Photos that make you think.

Septics went for quantity over quality (armour). To have built armoured ships would have taken longer to build plus they would be more expensive and slower. All factors in the design process. The US wanted, and got, lots of carriers out on the Pacific very quickly. It was relatively easy to replace ships (and crew).
I believe the Ecsort Carriers were designated CVE,which the crews took for Carrier, Vulnerable, Expendable.
 
Two crew in a Phantom, what about the back-seater? Or are you just making it up...
RN F-4 lost in 1977 - only Phantom loss that year
892 NAS Burnt out on the runway at Leuchars, Fife after an aborted take off due to engine failure. Both crew ejected. Allocated to ground instruction at Leuchars and later to Predannack

Which is what happens when you let the fish-heads play with shiney things
 
image.jpeg


Second Lieutenant Henry Lumley RFC; crashed during a solo flight on the day of his Wings Parade in 1917. This is him prior to the surgery that ultimately led to his death. The surgeons attempted a graft of one large piece of skin from his chest onto his face; the functionality of his eyes and lips would not be restored but he would be 'easier to look at'.

Now speaking as an ex-medic, I hate burns. Amputations may be reattached, lacerations can be sutured and holes can be plugged, thermal decomposition changes that. Having read the story of the Guinea Pig Club, Richard Hillary et al., I cant envisage the trauma of burns surgery now, let alone in the Forties.

To then imagine suffering those injuries with the treatment available in 1917 beggars my belief. Minimal analgesia, minimal asepsis and minimal hope.

Sadly, Lumley died in 1918 of complications due to infection caused by trying to graft such a large piece in one go. I can't even try to think of what his life would have been like had he survived.
 
View attachment 342550

Second Lieutenant Henry Lumley RFC; crashed during a solo flight on the day of his Wings Parade in 1917. This is him prior to the surgery that ultimately led to his death. The surgeons attempted a graft of one large piece of skin from his chest onto his face; the functionality of his eyes and lips would not be restored but he would be 'easier to look at'.

Now speaking as an ex-medic, I hate burns. Amputations may be reattached, lacerations can be sutured and holes can be plugged, thermal decomposition changes that. Having read the story of the Guinea Pig Club, Richard Hillary et al., I cant envisage the trauma of burns surgery now, let alone in the Forties.

To then imagine suffering those injuries with the treatment available in 1917 beggars my belief. Minimal analgesia, minimal asepsis and minimal hope.

Sadly, Lumley died in 1918 of complications due to infection caused by trying to graft such a large piece in one go. I can't even try to think of what his life would have been like had he survived.
Poor b****d.
 
A photograph taken from another aircraft by a member of the regular crew of 'Extra Joker' who'd been asked to fly separately in order to get some shots of his plane and crewmates. He lived, they all died.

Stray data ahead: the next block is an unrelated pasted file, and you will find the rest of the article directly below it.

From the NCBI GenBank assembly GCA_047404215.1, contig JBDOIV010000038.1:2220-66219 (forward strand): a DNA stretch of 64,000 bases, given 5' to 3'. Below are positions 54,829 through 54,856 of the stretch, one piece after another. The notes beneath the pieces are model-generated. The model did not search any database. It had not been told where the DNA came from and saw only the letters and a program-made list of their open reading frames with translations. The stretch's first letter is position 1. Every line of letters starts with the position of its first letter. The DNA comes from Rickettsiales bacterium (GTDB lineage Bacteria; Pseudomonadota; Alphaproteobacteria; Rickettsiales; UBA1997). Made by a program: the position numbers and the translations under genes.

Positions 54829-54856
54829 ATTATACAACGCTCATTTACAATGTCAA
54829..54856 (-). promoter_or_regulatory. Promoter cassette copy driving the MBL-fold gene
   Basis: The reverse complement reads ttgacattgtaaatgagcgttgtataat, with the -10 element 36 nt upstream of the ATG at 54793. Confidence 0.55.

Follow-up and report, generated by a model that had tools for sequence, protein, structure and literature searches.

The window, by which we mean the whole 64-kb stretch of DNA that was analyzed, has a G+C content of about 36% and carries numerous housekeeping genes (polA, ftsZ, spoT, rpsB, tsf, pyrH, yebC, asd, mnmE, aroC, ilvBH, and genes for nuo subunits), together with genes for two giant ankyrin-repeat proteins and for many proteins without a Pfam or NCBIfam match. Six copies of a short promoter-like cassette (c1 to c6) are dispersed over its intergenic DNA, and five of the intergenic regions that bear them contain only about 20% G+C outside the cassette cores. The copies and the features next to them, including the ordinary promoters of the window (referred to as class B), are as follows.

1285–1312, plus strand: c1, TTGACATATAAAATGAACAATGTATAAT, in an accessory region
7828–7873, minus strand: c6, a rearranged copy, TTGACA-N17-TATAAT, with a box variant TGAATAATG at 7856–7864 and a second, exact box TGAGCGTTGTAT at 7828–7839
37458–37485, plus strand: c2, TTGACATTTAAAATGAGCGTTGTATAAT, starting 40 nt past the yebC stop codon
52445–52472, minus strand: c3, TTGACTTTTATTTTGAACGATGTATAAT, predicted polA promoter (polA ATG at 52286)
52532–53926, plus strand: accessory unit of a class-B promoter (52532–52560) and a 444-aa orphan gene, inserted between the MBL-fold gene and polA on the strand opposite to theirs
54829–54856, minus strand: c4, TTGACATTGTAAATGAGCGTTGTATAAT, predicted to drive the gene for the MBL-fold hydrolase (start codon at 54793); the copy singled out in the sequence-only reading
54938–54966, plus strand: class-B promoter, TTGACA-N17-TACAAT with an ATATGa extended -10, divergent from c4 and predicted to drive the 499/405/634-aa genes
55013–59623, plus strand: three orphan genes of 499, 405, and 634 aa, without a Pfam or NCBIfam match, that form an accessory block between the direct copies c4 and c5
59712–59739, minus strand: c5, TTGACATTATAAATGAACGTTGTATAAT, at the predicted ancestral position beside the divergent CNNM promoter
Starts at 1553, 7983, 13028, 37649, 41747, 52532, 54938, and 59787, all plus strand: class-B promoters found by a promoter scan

The survivor guilt must have been strong
 
Military air incidents are not investigated by Farnborough, they’re done in-house.
I thought all aircraft incidents involved and were reported by the AAIB
 
8460D6B7-6FCE-4F7C-97F0-9D98887862A7.jpeg

Text with photo reads:
“The sawtooth bayonet was considered to be too brutal in an already barbaric war. When plunged into the victim, it caused severe pain, also pulling out the victim's insides when removed. Therefore, any prisoners captured with this version of bayonet were immediately executed.”

1st world war soldier with said sawtooth. Not sure what the face mask is?
 
View attachment 342550

Second Lieutenant Henry Lumley RFC; crashed during a solo flight on the day of his Wings Parade in 1917. This is him prior to the surgery that ultimately led to his death. The surgeons attempted a graft of one large piece of skin from his chest onto his face; the functionality of his eyes and lips would not be restored but he would be 'easier to look at'.

Now speaking as an ex-medic, I hate burns. Amputations may be reattached, lacerations can be sutured and holes can be plugged, thermal decomposition changes that. Having read the story of the Guinea Pig Club, Richard Hillary et al., I cant envisage the trauma of burns surgery now, let alone in the Forties.

To then imagine suffering those injuries with the treatment available in 1917 beggars my belief. Minimal analgesia, minimal asepsis and minimal hope.

Sadly, Lumley died in 1918 of complications due to infection caused by trying to graft such a large piece in one go. I can't even try to think of what his life would have been like had he survived.
All the more tragic when you see the picture of henry on commissioning.

He crashed during flying training. Harold Gillies is an absolute hero of mine, it is astonishing what he accomplished
 

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goodoldboy

MIA
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View attachment 342599
Text with photo reads:
“The sawtooth bayonet was considered to be too brutal in an already barbaric war. When plunged into the victim, it caused severe pain, also pulling out the victim's insides when removed. Therefore, any prisoners captured with this version of bayonet were immediately executed.”

1st world war soldier with said sawtooth. Not sure what the face mask is?
Looks like a home-made job using a cut-down helmet - only a guess though.
 
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